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This is a discussion on Brindle within the Horse Breeding forums, part of the Horse Breeds, Breeding, and Genetics category
  • First know brindle horse
  • Brindle Horse Registry

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    04-17-2010, 03:35 PM

Not too sure if this is the right place to post this but I'll give it a go. I just finished reading a book by Sarah Gruen, "Riding Lessons". (If you haven't read it, it's great - really enjoyed it). Question though? The main equine characters in the book had brindled coats. I've been around horses for what I'd consider quite a long time, but this is the first time that I guess I realized that this was a possibility. Can anyone tell me more about this? I've always thought dogs were the only lucky ones that could have this coat variation, but perhaps I was wrong?

I'd sincerely love to know more. If anyone breeds or knows more about bridle colored coats, I'm interested.
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    04-17-2010, 06:15 PM
It is possble in horses, though rare. Maybe some of the more "genetically informed" members on here can tell you more. In the meantime, here's some pics/more info on/about brindled horses! (almost halfway down the page)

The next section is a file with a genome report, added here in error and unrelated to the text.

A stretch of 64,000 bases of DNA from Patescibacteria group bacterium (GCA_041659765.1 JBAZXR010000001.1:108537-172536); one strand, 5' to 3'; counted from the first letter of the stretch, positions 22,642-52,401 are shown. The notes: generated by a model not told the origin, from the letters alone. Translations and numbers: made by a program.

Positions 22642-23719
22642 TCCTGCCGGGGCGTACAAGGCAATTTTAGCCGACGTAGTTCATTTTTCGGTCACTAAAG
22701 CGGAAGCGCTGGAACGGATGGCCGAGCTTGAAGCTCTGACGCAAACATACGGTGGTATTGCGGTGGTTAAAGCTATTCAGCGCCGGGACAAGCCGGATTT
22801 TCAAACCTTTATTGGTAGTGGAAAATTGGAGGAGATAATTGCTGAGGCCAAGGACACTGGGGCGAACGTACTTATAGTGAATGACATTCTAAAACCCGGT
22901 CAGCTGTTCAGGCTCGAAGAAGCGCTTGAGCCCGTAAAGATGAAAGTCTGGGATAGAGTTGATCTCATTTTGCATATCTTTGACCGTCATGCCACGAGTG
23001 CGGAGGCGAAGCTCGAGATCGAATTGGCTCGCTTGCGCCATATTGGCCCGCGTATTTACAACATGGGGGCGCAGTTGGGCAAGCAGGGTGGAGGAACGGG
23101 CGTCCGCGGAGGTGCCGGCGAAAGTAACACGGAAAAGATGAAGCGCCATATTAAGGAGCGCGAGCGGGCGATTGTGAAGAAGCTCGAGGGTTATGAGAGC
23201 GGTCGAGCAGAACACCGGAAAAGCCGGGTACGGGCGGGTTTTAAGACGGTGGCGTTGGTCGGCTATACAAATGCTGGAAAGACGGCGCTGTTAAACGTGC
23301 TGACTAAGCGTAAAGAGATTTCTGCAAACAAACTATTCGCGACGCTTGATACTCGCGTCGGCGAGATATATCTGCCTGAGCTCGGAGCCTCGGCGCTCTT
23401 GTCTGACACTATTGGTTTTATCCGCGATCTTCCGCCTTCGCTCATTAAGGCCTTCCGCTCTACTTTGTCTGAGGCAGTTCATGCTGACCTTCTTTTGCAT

Brindle - Wikipedia, the free encyclopedia
    04-17-2010, 06:21 PM
Green Broke
I was under the impression the brindle coat in horses was linked to chimerism?

I know there was a nutso color breeder in Australia that was trying to breed brindle horses - she got shut down though.

Starving horses were part of an unusual breeding program Bridlepath

Ah, there's a website full of 'em (well, of course there is!)

Brindle Horses - a rare equine coat color

There's even a registry for them - Kevin! You were a day late and a dollar short!
    04-17-2010, 06:44 PM
Green Broke
Sorry for the double, but here's a link to the article I remembered seeing about the link between brindle and chimerism.

To me, breeding chimeric horses, especially to each other, seems like a bad idea - way too many seperate dna strands floating around, not to mention the great increase of a foal being hermaphoditic, either internally or externally.

It DOES say in the article, that most chimeras are brindle, but not all brindle horses are chimera.
    04-17-2010, 07:37 PM
Green Broke
I've dreamed of a brindle pintaloosa (ha ha).
    04-17-2010, 08:32 PM
I started looking up Bridle horses after reading that book too (It was a great book!). The links that everybody posted are great, thank you.
    04-17-2010, 08:52 PM
Read that book too! Loved it! :)
    04-17-2010, 09:11 PM
That was an amazing book!
    04-18-2010, 02:05 AM
It CAN (and I think usually is) linked to chimerism, but there are rare brindles that aren't.

Cattle can be brindle to.
    04-18-2010, 02:42 AM
They remind me of real life Breyer woodgrain horses.

I had a brindle goat ones, coolest looking thing.

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